This field identifies the router to which the certificate has been
   issued.  Consistent with [ID.sidr-res-cert-profile], only two
   attributes are allowed in the Subject field: common name and serial
   number.  Moreover, the only common name encoding options that are
   supported are printableString and UTF8String.  For BGPSEC Router
   Certificates, it is RECOMMENDED that the common name attribute
   contain the literal string "ROUTER-" followed by the 32-bit AS Number
   [RFC3779] encoded as eight hexadecimal digits and that the serial
   number attribute contain the 32-bit BGP Identifier [RFC4271] (i.e.,
   the router ID) encoded as eight hexadecimal digits.  If the same
   certificate is issued to more than one router (hence the private key
   is shared among these routers), the choice of the router ID used in
   this name is at the discretion of the Issuer.  Note that router IDs

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   are not guaranteed to be unique across the Internet, and thus the
   Subject name in a BGPSEC Router Certificate issued using this
   convention also is not guaranteed to be unique across different
   issuers.  However, each certificate issued by an individual CA MUST
   contain a Subject name that is unique within that context.

3.1.2.  Subject Public Key Info

   Refer to section 3.1 of [ID.turner-sidr-bgpsec-algs].

3.1.3.  BGPSEC Router Certificate Version 3 Extension Fields

   The following X.509 V3 extensions MUST be present (or MUST be absent,
   if so stated) in a conforming BGPSEC Router Certificate, except where
   explicitly noted otherwise.  No other extensions are allowed in a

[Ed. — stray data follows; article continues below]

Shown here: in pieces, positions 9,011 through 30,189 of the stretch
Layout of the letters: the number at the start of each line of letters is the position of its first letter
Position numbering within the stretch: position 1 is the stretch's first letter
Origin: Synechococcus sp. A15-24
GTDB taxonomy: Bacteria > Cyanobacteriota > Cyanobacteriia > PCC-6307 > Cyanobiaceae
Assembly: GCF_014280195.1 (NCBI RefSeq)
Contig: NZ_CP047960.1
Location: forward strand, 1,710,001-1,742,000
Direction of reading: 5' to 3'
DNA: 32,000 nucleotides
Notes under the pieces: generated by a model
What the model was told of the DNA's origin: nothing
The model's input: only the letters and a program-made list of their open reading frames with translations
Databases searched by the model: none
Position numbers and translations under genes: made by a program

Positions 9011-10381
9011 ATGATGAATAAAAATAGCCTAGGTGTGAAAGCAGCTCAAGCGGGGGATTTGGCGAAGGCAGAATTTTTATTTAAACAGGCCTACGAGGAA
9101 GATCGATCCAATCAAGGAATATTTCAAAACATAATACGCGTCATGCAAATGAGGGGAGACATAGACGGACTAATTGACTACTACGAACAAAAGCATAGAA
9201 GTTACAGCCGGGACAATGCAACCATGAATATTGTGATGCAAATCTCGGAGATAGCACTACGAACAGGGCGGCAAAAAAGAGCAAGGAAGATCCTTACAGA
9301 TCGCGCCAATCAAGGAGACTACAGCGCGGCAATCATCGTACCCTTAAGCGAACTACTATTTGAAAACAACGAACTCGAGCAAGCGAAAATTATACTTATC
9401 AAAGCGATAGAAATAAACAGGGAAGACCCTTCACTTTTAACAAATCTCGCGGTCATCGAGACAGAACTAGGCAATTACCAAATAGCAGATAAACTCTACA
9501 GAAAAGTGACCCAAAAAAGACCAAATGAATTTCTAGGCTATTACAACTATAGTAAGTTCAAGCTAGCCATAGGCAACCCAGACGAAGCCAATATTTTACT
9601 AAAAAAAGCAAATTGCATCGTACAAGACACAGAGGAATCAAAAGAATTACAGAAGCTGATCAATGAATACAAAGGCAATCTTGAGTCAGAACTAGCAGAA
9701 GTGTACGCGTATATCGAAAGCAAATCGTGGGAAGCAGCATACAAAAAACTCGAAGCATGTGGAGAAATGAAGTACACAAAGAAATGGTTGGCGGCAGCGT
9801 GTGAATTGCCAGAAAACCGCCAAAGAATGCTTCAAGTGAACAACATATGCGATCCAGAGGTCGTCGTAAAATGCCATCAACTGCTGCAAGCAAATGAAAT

conforming BGPSEC Router Certificate.  Extended Key Usage

   BGPSEC Router Certificates MUST include the Extended Key Usage (EKU)
   extension.  As specified, in [ID.sidr-res-cert-profile] this
   extension MUST be marked as non-critical.  This document defines one
   EKU for BGPSEC Router Certificates:

     id-kp OBJECT IDENTIFIER ::=
        { iso(1) identified-organization(3) dod(6) internet(1)
          security(5) mechanisms(5) pkix(7) TBD }

     id-kp-bgpsec-router OBJECT IDENTIFIER ::= { id-kp TBD }

   Relying Parties MUST require the extended key usage extension to be
   present in a BGPSEC Router Certificate.  If multiple KeyPurposeId
   values are included, the relying parties need not recognize all of
   them, as long as the required KeyPurposeId value is present.  BGPSEC
   RPs MUST reject certificates that do not contain the BGPSEC Router
   EKU even if they include the anyExtendedKeyUsage OID defined in
   [RFC5280].  Subject Information Access

   This extension is not used in BGPSEC Router Certificates. It MUST be
   omitted.  IP Resources

   This extension is not used in BGPSEC Router Certificates. It MUSt be

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   Each BGPSEC Router Certificate MUST include the AS Resource
   extension, as specified in section 4.8.11 of [ID.sidr-res-cert-
   profile].  The AS Resource extension MUST include exactly one AS
   number, and the "inherit" element MUST NOT be specified.